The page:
Do End Users and Service Providers Agree on the Trajectory of M2M?

Kathryn Weldon
Kathryn Weldon

Summary Bullets:

  • Every year at its Connexion conference in Boston, Axeda, a provider of cloud-based M2M application solutions, presents an ever-growing scale (now reaching nine levels) that measures the sophistication of M2M solutions, ranging from 1) unconnected to 2) connected, 3) serviceable, 4) intelligent, 5) optimized, 6) differentiated, 7) eco-friendly, 8) collaborative/socialized/multivendor, and 9) cross-industry solutions.  Each year, Axeda adds new levels.
  • Axeda also showcased several end users’ actual M2M deployments.  Where were they on this scale and can we deduce anything about the current trajectory of M2M from these real-world case studies?

End users at the Axeda Connexion conference included Getinge Group, which provides hospital systems, extended care and infection control.  In 2003, the company envisioned a system to provide a service for remote monitoring of its equipment, but it ran into technology and regulatory challenges along the way and had difficulty building a model that made the ROI self-evident.  Eventually, the company connected the end customer (hospital) though a web portal and smartphone app, offering a value prop of unprecedented knowledge via online troubleshooting, access to historical data and statistics for production planning, and real-time equipment status.  It was in production in 2011; as of 2012, it still found take-up slow among its customers, especially in low-cost labor countries that did not ‘get’ the value prop.  In the future, it plans to add data mining.  Overall, it took Getinge eight years to get to the ‘connected,’ ‘serviceable’ and ‘intelligent’ stages – essentially reaching level 4 (out of 9) on the Axeda model.

In another example, GE Gas Engines realized if it could save just 10% of its customers’ costs (in this case, savings were achievable due to more optimal fuel usage, productivity enhancements and CapEx reduction), the company could save a huge amount over time.  Over a 15-year life, these savings reached $30 million, $66 billion, $63 billion, $27 billion and $90 billion, respectively, for its aviation, healthcare, power, rail and oil and gas customers.  GE is also involved in asset and operations optimization, with a software center of excellence dealing with big data analytics.  GE is approximately at level 5 in the Axeda model (i.e., its M2M solution is ‘optimized’).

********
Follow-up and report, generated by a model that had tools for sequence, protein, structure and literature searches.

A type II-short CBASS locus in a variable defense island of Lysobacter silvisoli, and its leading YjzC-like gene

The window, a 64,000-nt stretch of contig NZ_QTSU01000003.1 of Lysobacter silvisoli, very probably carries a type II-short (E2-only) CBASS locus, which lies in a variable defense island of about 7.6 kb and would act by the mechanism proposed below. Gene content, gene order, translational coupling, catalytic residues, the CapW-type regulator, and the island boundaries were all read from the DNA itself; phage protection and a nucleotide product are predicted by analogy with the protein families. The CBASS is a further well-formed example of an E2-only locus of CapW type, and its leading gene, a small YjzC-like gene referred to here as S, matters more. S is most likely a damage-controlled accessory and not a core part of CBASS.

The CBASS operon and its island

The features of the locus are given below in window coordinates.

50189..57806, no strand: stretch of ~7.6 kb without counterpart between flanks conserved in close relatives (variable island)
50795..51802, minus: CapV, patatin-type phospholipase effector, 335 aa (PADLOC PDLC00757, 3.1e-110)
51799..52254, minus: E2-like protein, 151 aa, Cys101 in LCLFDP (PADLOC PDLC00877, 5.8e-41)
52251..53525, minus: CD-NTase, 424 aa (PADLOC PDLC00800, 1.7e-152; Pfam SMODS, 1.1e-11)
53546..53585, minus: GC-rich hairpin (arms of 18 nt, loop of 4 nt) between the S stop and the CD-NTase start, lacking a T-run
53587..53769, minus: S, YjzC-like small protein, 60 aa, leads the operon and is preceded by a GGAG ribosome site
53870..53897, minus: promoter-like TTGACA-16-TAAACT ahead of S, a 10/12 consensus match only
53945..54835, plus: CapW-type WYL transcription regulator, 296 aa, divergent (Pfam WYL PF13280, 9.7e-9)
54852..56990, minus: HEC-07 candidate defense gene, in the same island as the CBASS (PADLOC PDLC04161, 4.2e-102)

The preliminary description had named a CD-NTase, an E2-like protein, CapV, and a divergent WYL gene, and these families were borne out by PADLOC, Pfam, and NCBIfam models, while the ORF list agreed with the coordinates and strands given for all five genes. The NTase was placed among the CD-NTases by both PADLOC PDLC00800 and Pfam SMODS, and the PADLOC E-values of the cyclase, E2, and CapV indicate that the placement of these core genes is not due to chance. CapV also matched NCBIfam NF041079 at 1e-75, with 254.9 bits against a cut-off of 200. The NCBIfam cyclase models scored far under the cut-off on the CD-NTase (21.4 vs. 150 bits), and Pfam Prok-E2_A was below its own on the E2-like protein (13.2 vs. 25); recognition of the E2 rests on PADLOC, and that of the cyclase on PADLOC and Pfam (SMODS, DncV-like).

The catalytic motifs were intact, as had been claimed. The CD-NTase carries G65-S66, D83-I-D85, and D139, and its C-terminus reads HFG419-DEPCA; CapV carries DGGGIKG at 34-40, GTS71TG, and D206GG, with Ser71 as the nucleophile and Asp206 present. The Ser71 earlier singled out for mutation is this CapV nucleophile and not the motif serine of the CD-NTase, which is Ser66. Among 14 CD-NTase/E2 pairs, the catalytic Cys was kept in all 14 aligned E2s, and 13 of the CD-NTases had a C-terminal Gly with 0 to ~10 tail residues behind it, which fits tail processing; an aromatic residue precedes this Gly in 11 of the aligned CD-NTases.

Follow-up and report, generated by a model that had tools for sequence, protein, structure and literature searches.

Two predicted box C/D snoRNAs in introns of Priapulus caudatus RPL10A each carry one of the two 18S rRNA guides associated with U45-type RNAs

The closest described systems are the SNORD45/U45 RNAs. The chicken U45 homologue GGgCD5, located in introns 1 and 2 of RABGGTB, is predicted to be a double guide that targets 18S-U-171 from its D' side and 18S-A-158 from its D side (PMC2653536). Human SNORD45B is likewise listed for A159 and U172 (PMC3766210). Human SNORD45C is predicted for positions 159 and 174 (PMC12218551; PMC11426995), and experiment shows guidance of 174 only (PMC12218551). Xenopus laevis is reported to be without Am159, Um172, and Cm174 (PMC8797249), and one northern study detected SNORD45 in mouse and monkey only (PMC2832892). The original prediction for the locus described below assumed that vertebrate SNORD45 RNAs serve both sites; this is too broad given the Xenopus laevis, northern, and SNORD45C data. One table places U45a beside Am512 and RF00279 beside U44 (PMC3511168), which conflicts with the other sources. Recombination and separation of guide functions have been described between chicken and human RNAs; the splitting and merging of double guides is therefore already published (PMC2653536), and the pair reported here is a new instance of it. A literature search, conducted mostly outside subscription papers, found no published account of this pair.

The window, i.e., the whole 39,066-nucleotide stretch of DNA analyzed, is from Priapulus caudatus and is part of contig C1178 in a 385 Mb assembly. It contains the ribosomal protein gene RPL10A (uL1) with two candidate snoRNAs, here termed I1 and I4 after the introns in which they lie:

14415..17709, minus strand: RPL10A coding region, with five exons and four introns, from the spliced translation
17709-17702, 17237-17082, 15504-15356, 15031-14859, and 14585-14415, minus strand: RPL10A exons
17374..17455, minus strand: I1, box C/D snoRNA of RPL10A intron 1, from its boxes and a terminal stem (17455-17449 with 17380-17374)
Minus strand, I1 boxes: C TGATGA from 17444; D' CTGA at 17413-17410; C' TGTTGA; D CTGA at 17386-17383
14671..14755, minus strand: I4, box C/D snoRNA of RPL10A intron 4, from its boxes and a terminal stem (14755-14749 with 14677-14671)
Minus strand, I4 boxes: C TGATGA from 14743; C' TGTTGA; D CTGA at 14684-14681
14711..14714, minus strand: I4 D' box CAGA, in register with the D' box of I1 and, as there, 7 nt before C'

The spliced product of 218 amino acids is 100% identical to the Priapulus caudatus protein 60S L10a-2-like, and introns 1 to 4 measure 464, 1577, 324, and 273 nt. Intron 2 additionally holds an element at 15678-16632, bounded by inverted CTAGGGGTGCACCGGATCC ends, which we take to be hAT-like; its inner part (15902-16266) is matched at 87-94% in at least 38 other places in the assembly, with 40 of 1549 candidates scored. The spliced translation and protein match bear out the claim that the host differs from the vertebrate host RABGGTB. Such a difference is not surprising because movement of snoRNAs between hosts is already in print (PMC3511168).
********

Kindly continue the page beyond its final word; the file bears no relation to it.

Diebold, a well-known equipment leasing company with a large base of ATM machines, was dealing with margin erosion and increasing competition and needed to change its business model to generate incremental revenue.  It saw a way to evolve (with a vision that involved stepping through the M2M levels up to connected, serviceable and intelligent solutions) through remote servicing of its ATM machines.  Remote software updates, product improvements and replacement of onsite maintenance have yielded increased the availability and uptime of its ATMs.  Over 50% of the ATM service base is now remotely managed, with a 25% reduction in on-site service calls.  It is essentially at level 4 or 5 of the model (‘intelligent’ and on the way to ‘optimized’).

Axeda’s model is useful for looking at the potential of M2M to change business processes, save money, enhance productivity and even generate new service revenues through entirely new lines of business.  It is clear, however, that most of today’s M2M deployments have just begun to live up to their eventual potential.  This shows a bit of a disconnect between the very optimistic positioning of the supplier ecosystem and what is actually being done in the real world.  We still have a long way to go, but we are getting there.

What do you think?

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